Antifungal Resistance

Fungal infections that are resistant to treatment are a public health challenge. We all have a role in preventing these infections and reducing antifungal resistance.

The problem

Medical illustration of fluconazole-resistant Candida

Medical illustration of fluconazole-resistant Candida

Antifungal drugs save lives by treating dangerous fungal infections, just like antibacterial drugs (antibiotics) are used to treat bacterial infections. Unfortunately, germs like bacteria and fungi can develop the ability to defeat the drugs designed to kill them. This is known as antimicrobial resistance. That means the germs are not killed and continue to grow. When this occurs with fungi that no longer respond to antifungal drugs, it is called antifungal resistance. This is especially a concern for patients with invasive infections like those caused by the fungus Candida, a yeast, which can cause serious health problems, including disability and death.

More information is needed about the risk antifungal resistance poses on human health and how many people are sickened by drug-resistant fungal infections each year. CDC and its partners are working to:

  • Better understand why and how antifungal resistance emerges.
  • Increase awareness among medical and public health communities about these infections.
  • Develop better methods to prevent and control drug-resistant fungal infections.

Fungal infections are a serious problem in healthcare settings

Invasive fungal infections can cause disability and death. Patients can get fungal infections while receiving care for something else in a healthcare facility. For example, the fungus Candida is a leading cause of healthcare-associated bloodstream infections in US hospitals.1 These infections are also costly for patients and healthcare facilities. Each case of Candida bloodstream infection (also known as candidemia) is estimated to result in an additional 3 to 13 days of hospitalization and $6,000 to $29,000 in healthcare costs.2 What’s also concerning is when we find antifungal resistance in some types of Candida, which makes them harder to treat.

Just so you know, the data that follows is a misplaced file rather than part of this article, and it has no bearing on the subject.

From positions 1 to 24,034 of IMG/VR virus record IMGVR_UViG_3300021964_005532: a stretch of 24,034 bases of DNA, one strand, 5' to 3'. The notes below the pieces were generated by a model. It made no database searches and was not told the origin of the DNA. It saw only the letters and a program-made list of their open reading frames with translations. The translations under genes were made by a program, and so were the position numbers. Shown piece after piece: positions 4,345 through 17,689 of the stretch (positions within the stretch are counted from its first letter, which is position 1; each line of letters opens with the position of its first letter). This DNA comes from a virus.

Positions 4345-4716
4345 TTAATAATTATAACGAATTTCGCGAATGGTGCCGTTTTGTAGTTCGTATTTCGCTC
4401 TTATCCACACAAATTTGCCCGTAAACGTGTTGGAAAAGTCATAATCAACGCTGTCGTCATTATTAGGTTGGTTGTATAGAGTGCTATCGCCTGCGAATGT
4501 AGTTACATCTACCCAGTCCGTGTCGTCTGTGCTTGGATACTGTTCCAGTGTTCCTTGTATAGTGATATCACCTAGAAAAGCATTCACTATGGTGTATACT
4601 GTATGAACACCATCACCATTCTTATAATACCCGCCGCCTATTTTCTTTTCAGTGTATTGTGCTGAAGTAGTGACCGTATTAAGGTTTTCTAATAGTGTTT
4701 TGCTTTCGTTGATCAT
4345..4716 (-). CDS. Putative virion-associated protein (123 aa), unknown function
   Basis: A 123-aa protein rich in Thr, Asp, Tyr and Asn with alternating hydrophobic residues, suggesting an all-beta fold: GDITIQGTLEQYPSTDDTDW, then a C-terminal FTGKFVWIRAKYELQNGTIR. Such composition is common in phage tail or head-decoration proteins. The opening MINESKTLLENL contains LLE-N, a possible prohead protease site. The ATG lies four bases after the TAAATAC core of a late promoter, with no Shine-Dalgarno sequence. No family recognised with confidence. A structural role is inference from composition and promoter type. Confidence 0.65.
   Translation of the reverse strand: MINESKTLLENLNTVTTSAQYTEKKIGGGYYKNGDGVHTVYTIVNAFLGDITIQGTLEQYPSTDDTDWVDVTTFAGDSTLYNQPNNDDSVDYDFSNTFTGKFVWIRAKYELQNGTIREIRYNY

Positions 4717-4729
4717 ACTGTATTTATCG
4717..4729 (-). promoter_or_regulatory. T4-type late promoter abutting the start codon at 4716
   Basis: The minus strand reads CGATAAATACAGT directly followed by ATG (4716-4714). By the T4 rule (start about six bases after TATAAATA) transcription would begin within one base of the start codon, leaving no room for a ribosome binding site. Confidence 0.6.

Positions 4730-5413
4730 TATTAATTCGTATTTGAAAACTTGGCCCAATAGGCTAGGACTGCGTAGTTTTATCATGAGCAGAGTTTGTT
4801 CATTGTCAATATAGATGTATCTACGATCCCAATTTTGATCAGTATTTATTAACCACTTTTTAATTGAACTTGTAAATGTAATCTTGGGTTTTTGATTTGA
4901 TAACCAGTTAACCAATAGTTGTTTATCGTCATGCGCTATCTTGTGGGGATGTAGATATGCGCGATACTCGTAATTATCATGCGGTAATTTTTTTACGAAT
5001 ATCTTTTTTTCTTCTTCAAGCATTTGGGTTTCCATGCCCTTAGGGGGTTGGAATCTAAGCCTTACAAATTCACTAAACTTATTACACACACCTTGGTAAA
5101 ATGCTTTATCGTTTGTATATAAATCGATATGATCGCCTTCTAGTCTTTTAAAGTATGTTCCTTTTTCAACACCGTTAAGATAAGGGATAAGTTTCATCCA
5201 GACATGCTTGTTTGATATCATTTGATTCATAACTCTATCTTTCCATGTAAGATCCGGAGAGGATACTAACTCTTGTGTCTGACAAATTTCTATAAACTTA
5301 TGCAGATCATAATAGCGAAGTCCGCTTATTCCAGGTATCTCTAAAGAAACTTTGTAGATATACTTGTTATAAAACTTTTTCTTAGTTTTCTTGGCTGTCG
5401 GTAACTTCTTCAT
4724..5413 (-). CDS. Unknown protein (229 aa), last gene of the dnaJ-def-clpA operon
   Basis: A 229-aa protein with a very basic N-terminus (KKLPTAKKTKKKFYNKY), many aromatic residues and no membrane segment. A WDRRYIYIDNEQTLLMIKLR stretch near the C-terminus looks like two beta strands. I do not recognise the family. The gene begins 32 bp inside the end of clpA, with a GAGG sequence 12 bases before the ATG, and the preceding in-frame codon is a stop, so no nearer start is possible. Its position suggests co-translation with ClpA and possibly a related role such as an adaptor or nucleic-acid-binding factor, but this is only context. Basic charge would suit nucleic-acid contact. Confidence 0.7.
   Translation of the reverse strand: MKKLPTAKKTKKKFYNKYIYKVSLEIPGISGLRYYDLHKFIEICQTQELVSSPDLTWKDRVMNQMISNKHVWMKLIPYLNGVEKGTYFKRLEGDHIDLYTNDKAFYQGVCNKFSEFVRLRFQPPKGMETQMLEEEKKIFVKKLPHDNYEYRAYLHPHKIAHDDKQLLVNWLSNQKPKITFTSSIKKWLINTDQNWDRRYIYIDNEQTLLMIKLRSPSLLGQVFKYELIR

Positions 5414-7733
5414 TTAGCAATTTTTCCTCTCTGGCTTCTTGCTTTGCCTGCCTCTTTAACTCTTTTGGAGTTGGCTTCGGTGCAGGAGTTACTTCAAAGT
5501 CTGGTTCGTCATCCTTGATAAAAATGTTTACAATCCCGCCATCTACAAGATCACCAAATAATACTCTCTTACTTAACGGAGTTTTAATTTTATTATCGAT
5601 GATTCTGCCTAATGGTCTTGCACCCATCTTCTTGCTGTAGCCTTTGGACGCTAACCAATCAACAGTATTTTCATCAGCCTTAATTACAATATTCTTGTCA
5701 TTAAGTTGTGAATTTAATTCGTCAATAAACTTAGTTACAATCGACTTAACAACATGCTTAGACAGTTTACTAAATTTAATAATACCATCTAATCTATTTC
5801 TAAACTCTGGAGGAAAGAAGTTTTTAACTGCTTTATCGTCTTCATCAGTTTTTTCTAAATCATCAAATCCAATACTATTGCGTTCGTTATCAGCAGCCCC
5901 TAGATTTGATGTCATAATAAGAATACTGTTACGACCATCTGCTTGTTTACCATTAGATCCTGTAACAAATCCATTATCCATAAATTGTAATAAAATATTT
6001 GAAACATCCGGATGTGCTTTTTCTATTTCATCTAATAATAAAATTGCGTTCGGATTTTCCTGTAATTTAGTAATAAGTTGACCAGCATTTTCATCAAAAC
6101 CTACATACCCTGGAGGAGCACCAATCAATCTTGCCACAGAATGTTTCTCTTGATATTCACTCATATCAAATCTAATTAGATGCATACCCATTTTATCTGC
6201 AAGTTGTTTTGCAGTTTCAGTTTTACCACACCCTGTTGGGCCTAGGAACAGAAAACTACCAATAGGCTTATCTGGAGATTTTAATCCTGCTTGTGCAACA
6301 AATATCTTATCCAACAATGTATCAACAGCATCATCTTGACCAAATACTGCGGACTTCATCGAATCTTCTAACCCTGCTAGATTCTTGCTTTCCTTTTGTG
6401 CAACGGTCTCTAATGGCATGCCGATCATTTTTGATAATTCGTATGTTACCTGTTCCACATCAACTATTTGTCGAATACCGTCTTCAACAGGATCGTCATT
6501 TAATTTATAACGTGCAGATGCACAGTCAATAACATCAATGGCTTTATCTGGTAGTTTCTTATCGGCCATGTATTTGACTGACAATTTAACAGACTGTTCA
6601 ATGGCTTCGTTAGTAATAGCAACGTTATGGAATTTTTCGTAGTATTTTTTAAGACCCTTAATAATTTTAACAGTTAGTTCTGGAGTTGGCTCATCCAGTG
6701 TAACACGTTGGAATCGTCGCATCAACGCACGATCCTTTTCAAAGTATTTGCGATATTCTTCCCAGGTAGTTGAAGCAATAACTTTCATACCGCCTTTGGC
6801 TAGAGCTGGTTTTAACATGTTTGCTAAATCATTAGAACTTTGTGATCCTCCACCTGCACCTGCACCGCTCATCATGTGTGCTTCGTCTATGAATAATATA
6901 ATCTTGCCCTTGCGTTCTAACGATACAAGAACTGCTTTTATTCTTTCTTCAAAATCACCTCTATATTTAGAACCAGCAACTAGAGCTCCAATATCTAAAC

Antifungal resistance makes infections harder to treat

Antifungal resistance is a particular problem with Candida infections. Some types of Candida are increasingly resistant to the first-line and second-line antifungal medications, such as fluconazole and the echinocandins (anidulafungin, caspofungin, and micafungin). About 7% of all Candida bloodstream isolates (pure samples of a germ) tested at CDC are resistant to fluconazole. More than 70% of these resistant isolates are the species Candida glabrata or Candida krusei.3,4